We even attempted a recreation photo.  From this over twenty years ago...


To this...


Christmas Day was a great day, and so were the days that followed.  The beach was spectacular and we enjoyed it, even on the days it rained.


We eventually left the coast and headed up North, to visit the farm.  The kids got to run around the bush and paddocks, to visit the old homestead where their great-grandfather grew up, (now in need of major TLC), and to swim in the river.





Our next stop was the Manukau Heads, just outside of Auckland, to a beach house with its glorious views over the bay from a deck perfect for a New Years Eve party.



Of course, it wasn't all fun and games at the house.  The gardens needed a trim and the deck needed a spot of paint.  (The husband actually discussed both of these in real time, out loud).



But really, mostly, it was time to chill'ax.
We went to the beach every day.  Hubby took the truck over the hill and we walked around the point. The kids dressed in rubbish bags the day we went over to the coast to go sliding down sand dunes. We basically had a great family time.



Then it was time to say our farewells and head back to Saudi.  We landed in Riyadh and said hello to the nice bloke at the customs counter.  He said hello back and then said to me, 'You can go'.  But to Hubster he said, 'Your visa expired.'

What?
Your visa expired
It can't be.
It expired.
How?  It should be the same as my wife's!
(Shrug). (Tense silence)
What do I do now?, Hubster said.
Go to office.
What do I do now?, I said.
You can go in, [to baggage collection] your husband go to office.
How long will this take?, Hubster said.
Maybe one hour.

So it was decided I would pick up the suitcases and wait in the taxi.  What happens next is how Hubster described it to me later...

...Hubster went to the office where the men were drinking qahwa.  After an introduction and description of the issue, they offered him qahwah and then one of the blokes went to check the visa on the computer.  Expired by 15 days it said which is not what was printed on the piece of paper in Hubsters hand.

Sorry, they said.
The computer says expired.  It's expired.
What now?, says husband.
Where you come from?, they said.
Dubai.
You go back Dubai.
What if I don't want to go back to Dubai?, he asks.
The blokes looked rather perplexed at that statement and said, 'Why not?'
Hubster was thinking he might do a stint in the airport cells.  (When he told me this my first thought was, what awesome blog fodder.  Bad wifey, I know).
You have credit card?, they ask
Yes.
You go Dubai.

Given that he not only had a credit card but also cash and his computer, all of which he thought may go missing while he was in the cells, he opted for a return trip to Dubai.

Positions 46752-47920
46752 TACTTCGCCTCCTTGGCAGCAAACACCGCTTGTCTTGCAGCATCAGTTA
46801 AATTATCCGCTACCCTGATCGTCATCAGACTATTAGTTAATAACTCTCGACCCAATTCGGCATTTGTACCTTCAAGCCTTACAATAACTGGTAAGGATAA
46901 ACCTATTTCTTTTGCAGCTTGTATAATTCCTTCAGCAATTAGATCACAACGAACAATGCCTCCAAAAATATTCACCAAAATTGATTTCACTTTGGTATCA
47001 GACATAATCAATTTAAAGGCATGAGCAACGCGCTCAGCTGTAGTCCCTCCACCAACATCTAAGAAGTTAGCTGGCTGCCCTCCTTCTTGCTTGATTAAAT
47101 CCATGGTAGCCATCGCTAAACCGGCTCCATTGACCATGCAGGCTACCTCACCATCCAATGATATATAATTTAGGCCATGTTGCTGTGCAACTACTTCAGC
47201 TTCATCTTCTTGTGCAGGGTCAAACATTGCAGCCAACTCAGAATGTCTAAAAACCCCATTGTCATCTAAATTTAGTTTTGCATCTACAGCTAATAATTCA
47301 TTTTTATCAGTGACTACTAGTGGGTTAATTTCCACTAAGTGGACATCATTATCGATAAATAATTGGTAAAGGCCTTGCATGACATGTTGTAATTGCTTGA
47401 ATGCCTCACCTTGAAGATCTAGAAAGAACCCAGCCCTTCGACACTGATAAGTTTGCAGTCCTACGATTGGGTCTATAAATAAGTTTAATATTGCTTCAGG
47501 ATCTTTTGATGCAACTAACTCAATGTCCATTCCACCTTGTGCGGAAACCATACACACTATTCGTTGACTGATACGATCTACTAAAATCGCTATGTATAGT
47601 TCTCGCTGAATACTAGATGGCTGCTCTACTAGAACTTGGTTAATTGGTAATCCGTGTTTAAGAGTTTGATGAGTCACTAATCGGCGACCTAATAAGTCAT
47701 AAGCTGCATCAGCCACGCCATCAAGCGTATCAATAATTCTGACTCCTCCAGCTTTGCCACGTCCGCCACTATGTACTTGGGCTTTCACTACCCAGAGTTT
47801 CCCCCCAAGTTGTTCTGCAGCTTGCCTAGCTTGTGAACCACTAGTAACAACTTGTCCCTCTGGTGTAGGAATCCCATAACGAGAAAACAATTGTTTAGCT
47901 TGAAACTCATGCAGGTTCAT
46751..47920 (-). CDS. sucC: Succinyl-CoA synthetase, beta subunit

So he calls me and says he's being put back on the plane.
OK, I say, how long will this take.
Hopefully a day or so he says.
So I go home.  He goes to Dubai.

Apparently he was considered a deportee so had to be escorted to the plane and handed over to the flight staff.  Once in Dubai he had to wait to alight until someone from Foreign Affairs came to collect him. He wasn't allowed to simply walk out through Dubai customs because there is quite a bit of process and paperwork that goes with being deported.  The Foreign Affairs Ministry (FAM) needs forms filled and the Dubai CID (aka Police) need to give him clearance.  The FAM guy told him it is up to the discretion of the CID whether or not they would let him leave.  Not to mention he had to pay for his return ticket to Dubai.  Once the fare had been paid, the forms filled and the CID were happy his deportation was for fairly innocent reasons, he was escorted to the CID passport area and released.

All quite painless really, though time consuming, and the everyone he dealt with was very pleasant.

This all happened on a Saturday.
On Tuesday we decided that if he didn't have his visa in the next couple of days I would go over to Dubai for the weekend and to take him some clothes - (Remember I had all the suitcases, he had his computer bag.  He needed a change of clothes).

I got to spend 10 days in Dubai before he got his visa extension.
He wasn't particularly happy with this delay as he had to cancel meetings.
Personally, I thought the extra holiday was ace.

In order to get his visa his office had to write a letter to the Saudi Ministry of Interior explaining the situation and asking for a visa.  The MOI, after getting the office to send a few extra bits and pieces to prove they are a properly registered company, then sent a form back to the office that had to go to the Saudi Consulate in Dubai.  Once Hubby had that form he had to engage an agent to liaise with the consulate.  (You can't just rock up at the consulate with your form - something he discovered after he rocked up).  It took a while to get the visa to the consulate because the systems were down, but once the visa extension was issued, it was only valid for seven days.  Given we were told late on a Thursday that it was ready, and the agency is shut on weekends, by the time we got it three days had already expired.

So we had to head back to Riyadh.  However, once back at Riyadh customs we find that a visa extension requires a different type of processing.  So, once again, I was told I could go through while Hubby was directed toward the office to get his visa photocopied.  Then he had to wait for the only guy who could process his visa to come back from lunch.  Once said man was back at his desk I could see he and the Hubster both through the perspex class having a good old laugh.  Obviously now that the whole process was coming to an end Hubster appeared quite relaxed.

And that folks, was my holiday and eventual return to Riyadh.
Stunning stuff, don't you think?

I'm just hoping his new found ability to close his laptop at night doesn't hit a rocky patch.





Ka Kite,
Kiwi